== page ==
A leading global technology company focused on improving the way people connect with information, Google Inc (NASDAQ:GOOG) , just reported its first-quarter financial results for 2013. Compared to first quarter results from 2012, EPS rose from $10.08 to $11.58, while revenue increased from $10.6 billion to $14 billion. The results beat analyst estimates on EPS, but missed on revenue, but the stock reacted positively and shot up 4.43% the next day.
Year over year, net cash provided by operating activities decreased 1.65%. In the quarter, Google Inc (NASDAQ:GOOG) poured $2.44 billion into investing activities, a distinct difference from last year’s first quarter in which the company had derived cash flow from investing activities.
Google Inc (NASDAQ:GOOG)'s complex and diversified business is focused on the ways people connect with information, with major focuses of the company including its Android platform, Google +, an iconic search engine, YouTube, Gmail, and a plethora of other services. As Google approaches fresh all-time highs, is the company primed for investment or should investors wait for a considerable pullback?
Explosive revenue growth:
In 2003, Google Inc (NASDAQ:GOOG) reported revenue of $1.46 billion; in 2012, the company announced revenue of $50.17 billion, representing year over year annual growth of 48.14%, a strong trend which it is highly anticipated to sustain into the future with projections placing 2017 revenue at $102.37 billion (this growth has been a result of the rapid adoption of the company’s platform and acquisitions).
Currently, Google Inc (NASDAQ:GOOG) carries a price to earnings ratio of 24.85, a price to book ratio of 3.65, and a price to sales ratio of 5.21; all of which indicate a company trading with a high valuation on a relative basis to the overall market.
Lack of dividend:
Google has in no time in the company’s past paid out a dividend, and has not expressed any plans to do so in the future.
Cost of revenue outgrowing revenue:
From 2010 to 2012, the company’s revenue has grown 60.51%, while the company’s cost of revenue has grown 64.88%; a troubling trend which is a major weakness of the company
In May 2012, Google acquired Motorola Mobility Holdings; the company has a long history of aggressive acquisitions, and further acquisitions could introduce new and innovative technologies to the company which could fuel growth.
Mobile search segment:
The mobile search industry is among the fastest growing in the world, with both revenue per search and total Internet searches per mobile device expanding aggressively, and further growth in this industry could present incredible opportunity for the company to take advantage of.
Shrinking PC market:
PC search advertisements account for 33.23% of overall business, however, the number of global PCs in use is expected to decline, beginning from 2015, which could pose a serious threat to Google’s core business.
Major publicly traded competitors of Google Inc (NASDAQ:GOOG) include Baidu.com, Inc. (NASDAQ:BIDU), Yahoo! Inc. (NASDAQ:YHOO), Microsoft Corporation (NASDAQ:MSFT), and AOL, Inc. (NYSE:AOL). All of these companies operate in the same industries as Google and compete directly with it.
Baidu is valued at $32.23 billion, does not pay out a dividend, and carries a price to earnings ratio of 19.25. Baidu offers fast paced growth in all segments of its businesses, and is focused on the Chinese search engine market. Their stock is trading at a discount based on the P/E ratio, and its business model possesses a strong profit margin of 44.12%.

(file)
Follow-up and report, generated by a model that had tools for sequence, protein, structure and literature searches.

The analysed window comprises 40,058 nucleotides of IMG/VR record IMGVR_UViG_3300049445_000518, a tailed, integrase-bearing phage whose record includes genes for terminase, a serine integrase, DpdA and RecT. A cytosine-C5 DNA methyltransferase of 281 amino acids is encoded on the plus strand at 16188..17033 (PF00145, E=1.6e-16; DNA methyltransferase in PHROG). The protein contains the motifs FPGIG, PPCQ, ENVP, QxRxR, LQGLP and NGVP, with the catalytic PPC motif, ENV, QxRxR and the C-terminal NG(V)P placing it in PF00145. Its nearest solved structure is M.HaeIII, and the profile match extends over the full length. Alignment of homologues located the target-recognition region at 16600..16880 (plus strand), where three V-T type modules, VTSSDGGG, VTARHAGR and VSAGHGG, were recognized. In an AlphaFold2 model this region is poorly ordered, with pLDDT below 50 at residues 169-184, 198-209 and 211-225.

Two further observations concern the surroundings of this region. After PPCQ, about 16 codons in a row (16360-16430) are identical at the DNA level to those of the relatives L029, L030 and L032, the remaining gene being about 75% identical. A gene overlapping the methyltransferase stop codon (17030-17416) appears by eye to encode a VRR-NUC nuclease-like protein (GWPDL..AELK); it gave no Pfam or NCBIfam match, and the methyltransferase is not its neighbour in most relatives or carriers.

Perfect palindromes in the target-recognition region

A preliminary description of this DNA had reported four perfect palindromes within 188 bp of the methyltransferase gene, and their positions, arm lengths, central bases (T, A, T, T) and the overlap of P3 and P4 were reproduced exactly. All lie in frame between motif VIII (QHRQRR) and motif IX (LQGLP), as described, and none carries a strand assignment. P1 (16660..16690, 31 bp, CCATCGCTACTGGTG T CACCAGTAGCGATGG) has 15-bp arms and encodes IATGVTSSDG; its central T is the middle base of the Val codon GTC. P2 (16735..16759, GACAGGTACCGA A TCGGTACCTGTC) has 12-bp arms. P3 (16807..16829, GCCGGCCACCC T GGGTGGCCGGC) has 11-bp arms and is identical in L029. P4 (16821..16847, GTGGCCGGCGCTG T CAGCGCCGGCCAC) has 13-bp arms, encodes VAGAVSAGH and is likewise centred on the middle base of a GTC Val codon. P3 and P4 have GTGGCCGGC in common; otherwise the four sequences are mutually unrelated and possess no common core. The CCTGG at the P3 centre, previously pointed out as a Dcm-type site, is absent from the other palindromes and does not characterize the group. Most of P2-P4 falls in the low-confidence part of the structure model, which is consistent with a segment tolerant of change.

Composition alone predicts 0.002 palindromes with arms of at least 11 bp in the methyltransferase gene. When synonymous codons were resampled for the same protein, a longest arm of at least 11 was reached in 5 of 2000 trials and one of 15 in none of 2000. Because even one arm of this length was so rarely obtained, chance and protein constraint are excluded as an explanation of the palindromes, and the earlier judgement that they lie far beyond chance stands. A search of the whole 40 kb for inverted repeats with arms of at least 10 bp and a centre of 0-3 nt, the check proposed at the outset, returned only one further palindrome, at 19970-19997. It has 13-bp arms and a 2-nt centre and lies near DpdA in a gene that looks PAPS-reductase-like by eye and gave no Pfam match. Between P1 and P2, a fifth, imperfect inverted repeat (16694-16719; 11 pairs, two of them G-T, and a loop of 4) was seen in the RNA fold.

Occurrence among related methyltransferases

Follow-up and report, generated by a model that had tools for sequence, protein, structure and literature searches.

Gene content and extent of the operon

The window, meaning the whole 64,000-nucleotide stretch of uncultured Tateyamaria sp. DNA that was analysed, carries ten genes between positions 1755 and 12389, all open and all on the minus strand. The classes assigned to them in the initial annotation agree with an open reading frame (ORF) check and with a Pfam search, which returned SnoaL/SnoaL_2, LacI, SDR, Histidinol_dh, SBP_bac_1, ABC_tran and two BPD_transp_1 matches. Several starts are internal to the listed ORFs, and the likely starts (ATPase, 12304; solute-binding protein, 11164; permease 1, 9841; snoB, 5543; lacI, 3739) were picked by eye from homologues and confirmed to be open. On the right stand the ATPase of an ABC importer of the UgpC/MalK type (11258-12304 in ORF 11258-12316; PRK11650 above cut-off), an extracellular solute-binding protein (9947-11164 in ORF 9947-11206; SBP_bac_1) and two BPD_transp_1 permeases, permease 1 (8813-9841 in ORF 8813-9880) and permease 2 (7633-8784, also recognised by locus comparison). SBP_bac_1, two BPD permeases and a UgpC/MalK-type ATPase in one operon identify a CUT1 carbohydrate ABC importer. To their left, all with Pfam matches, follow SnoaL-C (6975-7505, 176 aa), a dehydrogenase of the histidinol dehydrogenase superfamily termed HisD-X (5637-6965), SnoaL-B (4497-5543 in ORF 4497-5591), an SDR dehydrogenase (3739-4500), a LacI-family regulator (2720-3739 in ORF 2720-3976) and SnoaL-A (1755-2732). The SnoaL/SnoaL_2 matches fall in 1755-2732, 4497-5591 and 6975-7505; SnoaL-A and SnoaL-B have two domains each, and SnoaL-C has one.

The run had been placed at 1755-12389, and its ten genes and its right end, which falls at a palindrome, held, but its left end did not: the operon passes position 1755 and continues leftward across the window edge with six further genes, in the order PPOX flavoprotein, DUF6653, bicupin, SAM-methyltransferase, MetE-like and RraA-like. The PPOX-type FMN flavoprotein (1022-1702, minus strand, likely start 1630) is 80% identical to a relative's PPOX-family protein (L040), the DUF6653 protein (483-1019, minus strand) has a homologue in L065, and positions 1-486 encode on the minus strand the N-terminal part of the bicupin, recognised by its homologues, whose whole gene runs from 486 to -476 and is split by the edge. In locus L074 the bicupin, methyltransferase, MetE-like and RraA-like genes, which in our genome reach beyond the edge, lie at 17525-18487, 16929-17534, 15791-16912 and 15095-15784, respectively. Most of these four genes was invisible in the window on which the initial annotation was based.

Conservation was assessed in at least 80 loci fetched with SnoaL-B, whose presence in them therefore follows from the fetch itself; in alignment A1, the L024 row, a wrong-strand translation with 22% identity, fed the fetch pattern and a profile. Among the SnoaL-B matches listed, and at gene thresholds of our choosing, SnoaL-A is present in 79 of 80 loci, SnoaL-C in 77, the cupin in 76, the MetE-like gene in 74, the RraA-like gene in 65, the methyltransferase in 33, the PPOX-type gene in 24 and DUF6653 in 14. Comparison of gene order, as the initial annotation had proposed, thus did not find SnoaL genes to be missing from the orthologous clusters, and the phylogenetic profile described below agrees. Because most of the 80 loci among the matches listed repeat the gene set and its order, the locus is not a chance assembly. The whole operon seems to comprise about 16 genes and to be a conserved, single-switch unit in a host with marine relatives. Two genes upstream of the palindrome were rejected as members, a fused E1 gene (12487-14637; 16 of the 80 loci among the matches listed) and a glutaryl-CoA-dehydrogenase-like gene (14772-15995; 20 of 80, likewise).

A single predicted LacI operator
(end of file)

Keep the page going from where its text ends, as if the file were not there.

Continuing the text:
Yahoo! is valued at $25.18 billion, does not pay out a dividend, and carries a price to earnings ratio of 6.46. Yahoo is a diversified digital media company with its offering available in 45 languages and 60 countries. Institutional confidence is portrayed in the company’s institutional ownership of 75%. The profit margin for the company increased from 20.23% in the fourth quarter of 2012 to 34.22% in the first quarter of 2013.
Microsoft is valued at $234.91 billion, pays out a dividend yielding 3.28%, and carries a price to earnings ratio of 15.38. Microsoft remains a dominant force in the PC industry. However, it possesses a diversified business with operations in its Windows segment, Xbox segment, and recently, it entered the smartphone industry with Nokia Corporation (ADR) (NYSE:NOK).
For the past decade, the stock has only risen 16.73%, excluding dividend, being held in a distinct channel. The profit margin for the company in the first quarter of 2013 was 29.55%.
AOL is valued at $3.01 billion, does not pay out a dividend, and carries a price to earnings ratio of 3.56. AOL’s business segment offers many of the same services as Google Inc (NASDAQ:GOOG), and is also focused on the way people connect with information. With an institutional ownership near 100%, there is no lack of confidence from big-money investors. In the fourth quarter of 2012, AOL reported a profit margin of 29.26%, a decline from the 40% range in 2010-2011.
The Foolish bottom line
Financially, Google is as strong as they come. The company possesses accelerated revenue growth, historic margin expansion, and a net cash position. The only true weaknesses in the company are its lack of dividend and high valuation. However, this premium valuation is compensated through explosive growth.
Looking forward, the company is strategically placed to take advantage of the shift to mobile devices, and should experience growth at an accelerated rate. All in all, Google Inc (NASDAQ:GOOG) is the undeniable king of search, and will hand investors returns unmatched by the overall market for decades to come.
The article A Dominant Force in the World of Tomorrow originally appeared on Fool.com.
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